25 Sep 2016

Private Debt

A chap called Richard Vague seems to know what he is talking about when it comes to private debt. His essay in Democracy, A Journal of Ideas is called The Private Debt Crisis and comes with the strapline: "China is drowning in it. The whole world has too much of it. History suggests: This won’t end well." The essay is reprinted in Evonomics where it is called How to Suffocate Your Economy: Drown it in Massive Private Debt.

The essay looks mainly at USA private debt, but the remarks are salient to any economy. When your consumers have large aggregate debts the interest payments become a significant proportion of income and they become reluctant to spend. We get slowdown in demand, which ripples through the economy and undermines growth.
"a growing body of research suggests that when private debt enters the range of 100 to 150 percent of GDP, it impedes economic growth."
Vague points out that high levels of private debt also makes consumers and businesses unwilling to borrow more. Borrowing for investment is a fundamental principle of the capitalist economy. I would point out that, until the modern era, this is how banks made their money. Now of course, banks make 90% of their money by speculating on asset and commodity prices and derivatives.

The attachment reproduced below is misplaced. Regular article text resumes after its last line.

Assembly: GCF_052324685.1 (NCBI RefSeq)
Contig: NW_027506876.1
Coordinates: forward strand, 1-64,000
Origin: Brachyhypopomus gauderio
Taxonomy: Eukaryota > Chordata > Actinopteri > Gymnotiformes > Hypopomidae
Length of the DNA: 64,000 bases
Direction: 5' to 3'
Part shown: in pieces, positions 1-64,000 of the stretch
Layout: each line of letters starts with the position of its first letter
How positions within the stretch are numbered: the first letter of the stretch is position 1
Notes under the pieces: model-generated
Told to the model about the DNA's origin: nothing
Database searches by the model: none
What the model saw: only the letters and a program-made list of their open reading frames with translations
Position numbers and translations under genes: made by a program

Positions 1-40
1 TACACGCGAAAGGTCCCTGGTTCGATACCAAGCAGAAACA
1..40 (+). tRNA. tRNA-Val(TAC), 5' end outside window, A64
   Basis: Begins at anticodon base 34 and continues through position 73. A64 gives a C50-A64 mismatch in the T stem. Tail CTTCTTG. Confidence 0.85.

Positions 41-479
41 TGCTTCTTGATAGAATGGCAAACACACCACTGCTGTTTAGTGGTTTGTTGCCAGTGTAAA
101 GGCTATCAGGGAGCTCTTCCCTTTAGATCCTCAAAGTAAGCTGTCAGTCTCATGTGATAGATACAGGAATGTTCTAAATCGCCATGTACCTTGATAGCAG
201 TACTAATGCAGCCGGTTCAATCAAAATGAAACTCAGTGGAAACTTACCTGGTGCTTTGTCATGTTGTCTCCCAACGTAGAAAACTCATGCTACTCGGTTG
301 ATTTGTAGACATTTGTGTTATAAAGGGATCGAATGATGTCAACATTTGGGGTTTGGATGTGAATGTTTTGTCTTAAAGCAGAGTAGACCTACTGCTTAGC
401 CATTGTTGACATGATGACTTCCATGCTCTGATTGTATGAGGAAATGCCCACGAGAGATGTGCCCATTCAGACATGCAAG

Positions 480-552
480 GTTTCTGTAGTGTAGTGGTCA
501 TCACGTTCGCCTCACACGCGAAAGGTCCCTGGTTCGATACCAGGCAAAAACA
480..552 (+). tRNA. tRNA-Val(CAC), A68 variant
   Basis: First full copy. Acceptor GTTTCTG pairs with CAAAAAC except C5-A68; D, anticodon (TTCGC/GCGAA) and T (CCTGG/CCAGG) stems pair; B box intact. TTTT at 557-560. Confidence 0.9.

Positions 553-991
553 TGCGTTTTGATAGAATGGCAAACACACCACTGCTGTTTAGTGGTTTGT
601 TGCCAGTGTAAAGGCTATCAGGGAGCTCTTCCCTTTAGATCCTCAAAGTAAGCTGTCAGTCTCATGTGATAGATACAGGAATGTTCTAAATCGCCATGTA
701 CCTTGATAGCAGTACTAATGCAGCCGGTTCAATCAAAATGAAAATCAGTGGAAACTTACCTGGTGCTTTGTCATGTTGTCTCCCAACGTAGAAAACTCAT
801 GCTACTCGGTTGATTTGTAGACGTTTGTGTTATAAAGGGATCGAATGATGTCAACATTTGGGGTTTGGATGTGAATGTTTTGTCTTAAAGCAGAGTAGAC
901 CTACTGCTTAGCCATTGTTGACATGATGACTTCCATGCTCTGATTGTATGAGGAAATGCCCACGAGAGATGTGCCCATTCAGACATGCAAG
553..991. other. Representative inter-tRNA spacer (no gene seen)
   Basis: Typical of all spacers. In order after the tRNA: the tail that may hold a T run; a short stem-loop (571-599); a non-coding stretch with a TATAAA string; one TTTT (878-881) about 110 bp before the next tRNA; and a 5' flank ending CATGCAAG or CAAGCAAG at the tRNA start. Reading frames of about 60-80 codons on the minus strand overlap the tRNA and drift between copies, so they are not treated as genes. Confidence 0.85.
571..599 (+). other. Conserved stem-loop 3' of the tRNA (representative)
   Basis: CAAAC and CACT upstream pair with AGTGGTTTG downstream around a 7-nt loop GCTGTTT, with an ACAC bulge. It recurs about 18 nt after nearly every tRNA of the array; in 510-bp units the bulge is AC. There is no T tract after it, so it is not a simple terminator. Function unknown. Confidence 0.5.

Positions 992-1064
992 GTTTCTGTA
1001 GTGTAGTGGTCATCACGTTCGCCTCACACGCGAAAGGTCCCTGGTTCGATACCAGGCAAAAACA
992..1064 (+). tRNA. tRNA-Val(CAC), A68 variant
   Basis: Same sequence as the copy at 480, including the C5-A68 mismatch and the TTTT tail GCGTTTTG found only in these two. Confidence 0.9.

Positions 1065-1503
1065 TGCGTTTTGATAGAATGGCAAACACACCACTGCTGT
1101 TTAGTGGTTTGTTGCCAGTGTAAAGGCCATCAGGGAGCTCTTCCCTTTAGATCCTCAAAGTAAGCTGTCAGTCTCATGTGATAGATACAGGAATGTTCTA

The essay also looks at the situation in China where private debt has been growing rapidly and seems likely to be the next flash point in the global economy. That much private debt accumulated that quickly, cannot help but cause problems.

The essay finishes with some ideas on how to alleviate the problems caused by private debt. This blog is inspired by Steve Keen's idea of the modern debt jubilee (government gives money to consumers instead of banks, with the proviso that they must pay down debt before spending).

What the essay does not do is address the fundamental problem that leads to very high levels of private debt and repeated economic crisis. The actions of governments in the 1970s and 1980s who stripped away of regulation designed to prevent exactly this ought to come under scrutiny. We know how to prevent this happening.

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Keep is seemly & on-topic. Thanks.